Taylor Jordan’s rough start, Michael Gonzalez’s debut — and other notes


Taylor Jordan. (Photo by John McDonnell/The Washington Post)

Until Friday’s 12-6 loss to the Detroit Tigers in Lakeland, Taylor Jordan had looked sharp this spring. In his first few starts this spring, he was nervous about competing for the final spot in the Nationals’ starting rotation. He was also concerned about how his surgically-repaired ankle would respond. But his fears were alleviated and he pitched well.

Against the Tigers, however, Taylor’s command was shaky. His secondary pitches were hit. He didn’t feel he was getting the expected strike calls low in the zone. He adjusted, as a result, and his elevated breaking balls were knocked around. After he allowed four runs on seven hits over three innings, the right-hander was unhappy.

“I wasn’t very pleased with it,” he said. “I wasn’t locating pitches very well … I don’t feel like I had command [Friday] with any pitch.”

Even though Jordan pitched a strong first inning, including a three-pitch strikeout of Miguel Cabrera, the right-hander felt his command was off. (Jordan got Cabrera out twice.) His control worsened in the third inning when he allowed all of his runs.

“A lot of the pitches I was just babying,” he said. “The slider and the change-up, I was just babying them. Just trying to guide it almost to where I wanted it. And then I missed that double play ball.”

Manager Matt Williams said coaches have encouraged Jordan to throw more fastballs that sink and induced groundballs, and use his breaking balls less. He also hoped that Jordan wouldn’t worry about his standing in the fifth starter’s competition after a bad outing.

“We’re just going to continue to encourage him to use his stuff and be the best pitcher he can be,” Williams said. “Competing for a spot, that’s good. That’s the way it should be. I don’t think he should be nervous about anything he does out there. If he’s aggressive, he’ll be fine.”

>>> Left-handed reliever Michael Gonzalez, who was signed to a minor league deal last week, made his Grapefruit League debut this season in the eighth inning. He faced five batters, two of them left-handers, and allowed two runs on two hits. The two hits surrendered were to the left-handers on flat breaking balls.

“To be expected,” he said. “I hadn’t really snapped them off. And the good thing is that I got to finish off with a really good breaking pitch to a righty. Got it in the dirty where I wanted it. The other two I left up because I wanted to put a little bit more on them. That’s what comes last.”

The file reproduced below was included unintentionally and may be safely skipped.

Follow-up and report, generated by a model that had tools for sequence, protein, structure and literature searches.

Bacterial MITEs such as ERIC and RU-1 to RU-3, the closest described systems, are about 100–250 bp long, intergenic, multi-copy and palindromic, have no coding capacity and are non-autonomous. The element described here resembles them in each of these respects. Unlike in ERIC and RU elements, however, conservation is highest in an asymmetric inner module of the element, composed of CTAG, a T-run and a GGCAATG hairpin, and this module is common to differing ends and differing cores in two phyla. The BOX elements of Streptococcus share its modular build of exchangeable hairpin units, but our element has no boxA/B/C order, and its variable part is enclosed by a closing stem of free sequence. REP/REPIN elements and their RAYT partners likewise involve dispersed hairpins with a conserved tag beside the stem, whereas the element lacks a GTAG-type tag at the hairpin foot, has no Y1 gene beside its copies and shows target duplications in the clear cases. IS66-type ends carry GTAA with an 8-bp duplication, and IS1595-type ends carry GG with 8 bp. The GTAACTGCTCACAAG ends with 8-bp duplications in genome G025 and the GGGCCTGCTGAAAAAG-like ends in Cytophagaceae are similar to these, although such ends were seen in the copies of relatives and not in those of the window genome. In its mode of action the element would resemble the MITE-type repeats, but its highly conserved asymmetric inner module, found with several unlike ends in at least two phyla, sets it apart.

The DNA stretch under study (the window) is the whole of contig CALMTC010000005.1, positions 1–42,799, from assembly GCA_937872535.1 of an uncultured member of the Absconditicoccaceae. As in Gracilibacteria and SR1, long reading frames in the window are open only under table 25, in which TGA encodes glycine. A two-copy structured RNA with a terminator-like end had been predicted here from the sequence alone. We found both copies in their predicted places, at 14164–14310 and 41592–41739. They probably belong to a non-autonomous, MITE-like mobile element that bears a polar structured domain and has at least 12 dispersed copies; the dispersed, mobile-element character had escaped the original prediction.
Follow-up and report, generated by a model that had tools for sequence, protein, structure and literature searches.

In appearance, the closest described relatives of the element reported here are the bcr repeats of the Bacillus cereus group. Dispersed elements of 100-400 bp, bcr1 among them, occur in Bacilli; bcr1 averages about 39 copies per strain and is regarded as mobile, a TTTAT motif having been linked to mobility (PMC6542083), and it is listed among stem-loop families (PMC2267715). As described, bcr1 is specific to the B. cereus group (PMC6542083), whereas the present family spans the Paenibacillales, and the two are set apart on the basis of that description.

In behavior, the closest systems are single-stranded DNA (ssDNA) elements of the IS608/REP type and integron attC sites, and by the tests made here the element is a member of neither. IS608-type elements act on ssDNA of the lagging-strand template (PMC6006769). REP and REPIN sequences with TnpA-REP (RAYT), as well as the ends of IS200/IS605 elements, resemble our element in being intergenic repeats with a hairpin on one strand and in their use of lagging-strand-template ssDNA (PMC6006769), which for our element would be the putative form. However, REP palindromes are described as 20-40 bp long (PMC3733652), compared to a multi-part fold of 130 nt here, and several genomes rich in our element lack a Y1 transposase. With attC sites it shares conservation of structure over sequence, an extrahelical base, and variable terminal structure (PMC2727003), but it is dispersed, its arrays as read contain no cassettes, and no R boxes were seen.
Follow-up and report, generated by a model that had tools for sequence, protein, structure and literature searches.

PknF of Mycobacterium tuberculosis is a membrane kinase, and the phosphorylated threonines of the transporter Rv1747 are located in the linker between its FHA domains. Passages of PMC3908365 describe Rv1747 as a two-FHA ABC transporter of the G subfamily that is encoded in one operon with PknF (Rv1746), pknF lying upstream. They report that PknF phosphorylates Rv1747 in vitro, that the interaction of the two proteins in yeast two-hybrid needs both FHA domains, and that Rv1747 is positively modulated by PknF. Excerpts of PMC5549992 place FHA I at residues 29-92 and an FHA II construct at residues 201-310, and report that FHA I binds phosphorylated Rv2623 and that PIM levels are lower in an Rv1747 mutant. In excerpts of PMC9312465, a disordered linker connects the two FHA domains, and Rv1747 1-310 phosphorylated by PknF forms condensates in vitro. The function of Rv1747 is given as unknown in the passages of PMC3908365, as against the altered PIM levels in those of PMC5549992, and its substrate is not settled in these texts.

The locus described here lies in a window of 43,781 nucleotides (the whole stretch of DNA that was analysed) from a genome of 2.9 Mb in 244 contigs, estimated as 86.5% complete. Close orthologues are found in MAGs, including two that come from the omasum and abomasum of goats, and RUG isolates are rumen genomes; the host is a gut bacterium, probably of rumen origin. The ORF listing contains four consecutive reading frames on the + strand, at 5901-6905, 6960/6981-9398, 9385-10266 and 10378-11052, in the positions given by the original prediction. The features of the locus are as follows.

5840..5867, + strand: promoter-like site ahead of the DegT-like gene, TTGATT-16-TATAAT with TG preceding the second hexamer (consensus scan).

Overall, Gonzalez said he was pleased with his outing. The scoreboard reading noted Gonzalez’s fastball as high as 92 miles per hour, but that was perhaps a few ticks too high, according to one official.

“I felt good, man,” Gonzalez said. “Good to get back in there and back in the rhythm of things. I felt my rhythm was good. The aggressiveness was good. I’m excited about the outing. You don’t want to give up runs but overall the way the shoulder feels. The way the arm feels all together. I feel like I’m back at it.”

>>> Right-handed reliever Luis Ayala, who is competing for a spot in the bullpen, allowed five runs on six hits and notched only two outs in the fourth inning. All but one of the hits was a single. Williams dismissed the notion that Ayala struggled, saying that the veteran reliever was inducing groundballs that just couldn’t be converted into outs. “He did what he was supposed to do but some groundballs got through,” Williams said.

Williams didn’t pull Ayala earlier because he said he had confidence in the right-hander to finish the inning. But Ayala’s final at-bat was an 11-pitch battle with Nick Castellanos.

>>> Drew Storen escaped a bases loaded jam in the fifth inning with a flyout. He gave up  back-to-back singles to Torii Hunter and Cabrera. Former National Steve Lombardozzi pinch ran for Cabrera, and he and Hunter executed a double steal. Storen walked Alex Avila to load the bases with two outs. Williams said the right-handed reliever was throwing an unusually high number of breaking balls and change-ups, but that was a conscious effort to work on them. But it also got Storen in a jam that he eventually wiggled out of.

>>> Tyler Moore got off to a slow start this spring but Williams said he saw signs of him snapping out. Moore went 2 for 2, crushing a two-run home run off Rick Porcello in the fourth inning for his first home run of the spring. Scott Hairston, who has struggled against right-handers in his career, hit his first home run of the spring against right-hander Al Aburquerque in the sixth inning.

>>> In the sixth inning, both shortstop Zach Walters and catcher Sandy Leon flashed their strong arms. Walters made a nifty throw from deep in the hole to nab a runner and Leon threw a runner out at third base.

James Wagner joined the Post in August 2010 and, prior to covering the Nationals, covered high school sports across the region.

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Adam Kilgore · March 14, 2014

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